Blackwell Publishing Journal Backfiles 1879-2005
Mechanical Engineering, Materials Science, Production Engineering, Mining and Metallurgy, Traffic Engineering, Precision Mechanics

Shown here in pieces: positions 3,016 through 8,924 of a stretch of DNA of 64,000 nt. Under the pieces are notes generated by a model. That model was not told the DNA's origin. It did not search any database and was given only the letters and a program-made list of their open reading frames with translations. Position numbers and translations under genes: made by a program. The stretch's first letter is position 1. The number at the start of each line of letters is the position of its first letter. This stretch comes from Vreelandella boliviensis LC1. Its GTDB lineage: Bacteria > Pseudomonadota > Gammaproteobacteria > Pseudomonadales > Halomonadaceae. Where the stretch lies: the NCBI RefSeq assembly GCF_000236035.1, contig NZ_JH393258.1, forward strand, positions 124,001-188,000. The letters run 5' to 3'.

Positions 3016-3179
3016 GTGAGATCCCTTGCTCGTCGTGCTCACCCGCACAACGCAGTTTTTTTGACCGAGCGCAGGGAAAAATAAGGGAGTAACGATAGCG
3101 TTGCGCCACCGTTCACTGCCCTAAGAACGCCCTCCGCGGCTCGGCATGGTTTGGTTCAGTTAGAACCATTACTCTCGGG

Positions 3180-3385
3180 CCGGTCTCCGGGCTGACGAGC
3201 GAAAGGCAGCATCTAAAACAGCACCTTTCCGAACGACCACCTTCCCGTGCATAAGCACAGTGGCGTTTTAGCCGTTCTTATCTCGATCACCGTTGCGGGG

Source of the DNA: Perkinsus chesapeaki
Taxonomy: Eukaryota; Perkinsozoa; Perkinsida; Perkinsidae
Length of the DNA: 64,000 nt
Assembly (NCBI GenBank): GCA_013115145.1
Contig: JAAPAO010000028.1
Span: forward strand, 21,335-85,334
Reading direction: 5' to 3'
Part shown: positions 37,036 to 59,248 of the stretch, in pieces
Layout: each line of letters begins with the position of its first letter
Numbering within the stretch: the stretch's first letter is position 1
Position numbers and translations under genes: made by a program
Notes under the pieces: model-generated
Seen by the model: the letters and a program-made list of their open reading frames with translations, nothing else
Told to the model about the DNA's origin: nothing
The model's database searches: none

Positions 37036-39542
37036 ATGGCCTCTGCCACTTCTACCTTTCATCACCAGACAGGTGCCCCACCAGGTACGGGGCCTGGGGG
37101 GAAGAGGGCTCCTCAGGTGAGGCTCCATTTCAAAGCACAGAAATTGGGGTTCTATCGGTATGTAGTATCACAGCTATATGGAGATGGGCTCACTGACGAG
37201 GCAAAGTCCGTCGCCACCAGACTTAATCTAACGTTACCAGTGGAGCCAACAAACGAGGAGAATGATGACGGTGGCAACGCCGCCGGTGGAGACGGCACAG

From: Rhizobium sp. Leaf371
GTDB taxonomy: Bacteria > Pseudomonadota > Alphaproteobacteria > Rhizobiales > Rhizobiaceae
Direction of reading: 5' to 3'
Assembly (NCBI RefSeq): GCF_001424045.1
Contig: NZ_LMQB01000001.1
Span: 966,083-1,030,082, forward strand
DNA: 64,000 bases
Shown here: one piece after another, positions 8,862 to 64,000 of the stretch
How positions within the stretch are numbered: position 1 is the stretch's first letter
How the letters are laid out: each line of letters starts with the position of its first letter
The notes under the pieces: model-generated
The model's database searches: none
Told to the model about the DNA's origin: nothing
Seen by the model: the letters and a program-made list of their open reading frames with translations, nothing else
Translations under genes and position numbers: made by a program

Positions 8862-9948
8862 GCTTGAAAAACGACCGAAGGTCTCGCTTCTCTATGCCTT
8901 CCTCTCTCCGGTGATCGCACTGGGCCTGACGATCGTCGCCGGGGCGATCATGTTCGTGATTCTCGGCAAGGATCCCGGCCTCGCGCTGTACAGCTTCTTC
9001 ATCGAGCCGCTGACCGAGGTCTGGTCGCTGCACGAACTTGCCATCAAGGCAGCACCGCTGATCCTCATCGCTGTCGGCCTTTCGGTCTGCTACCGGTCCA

The present study examined the effects of dry grinding, using ball-milling, on the structure of reference well-crystallized (KGa-1) and poorly crystallized (KGa-2) kaolinite powders from Georgia. Grinding produced a strong structural alteration, mainly along the c axis, resulting in disorder and total degradation of the crystal structure of the kaolinite and the formation of an amorphous product. The surface area increased with grinding time, mainly in KGa-2 (maximum value 50.27 m2/g), a result associated with particle-size reduction. These particles became more agglomerated with grinding, and the surface area decreased after 30 min, as confirmed by scanning electron microscopy and particle-size-distribution analysis. There was a limit to particle-size reduction with grinding time. When grinding time was increased, the original endothermic differential thermal analysis (DTA) effects of dehydroxylation in both samples shifted to lower temperatures, decreased in intensity, then disappeared completely after 120 min of grinding. The temperature of the characteristic first exothermic effect shifted slightly to lower temperatures with grinding, although the DTA effects did not increase with grinding time in either kaolinite sample, at least up to 325 min. The amorphous, mechanically activated kaolinite converted into low-crystalline mullite nuclei at a lower temperature than did the unground samples, as deduced by thermal and X-ray observations. This effect was especially important for the KGa-2 sample. Grinding did not seem to influence the formation of silicon-aluminum spinel from kaolinite. The present results may explain why ground kaolinite samples prepared via different routes—e.g., with differences in grinding—behave differently during high-temperature transformations, as reported in the related literature.
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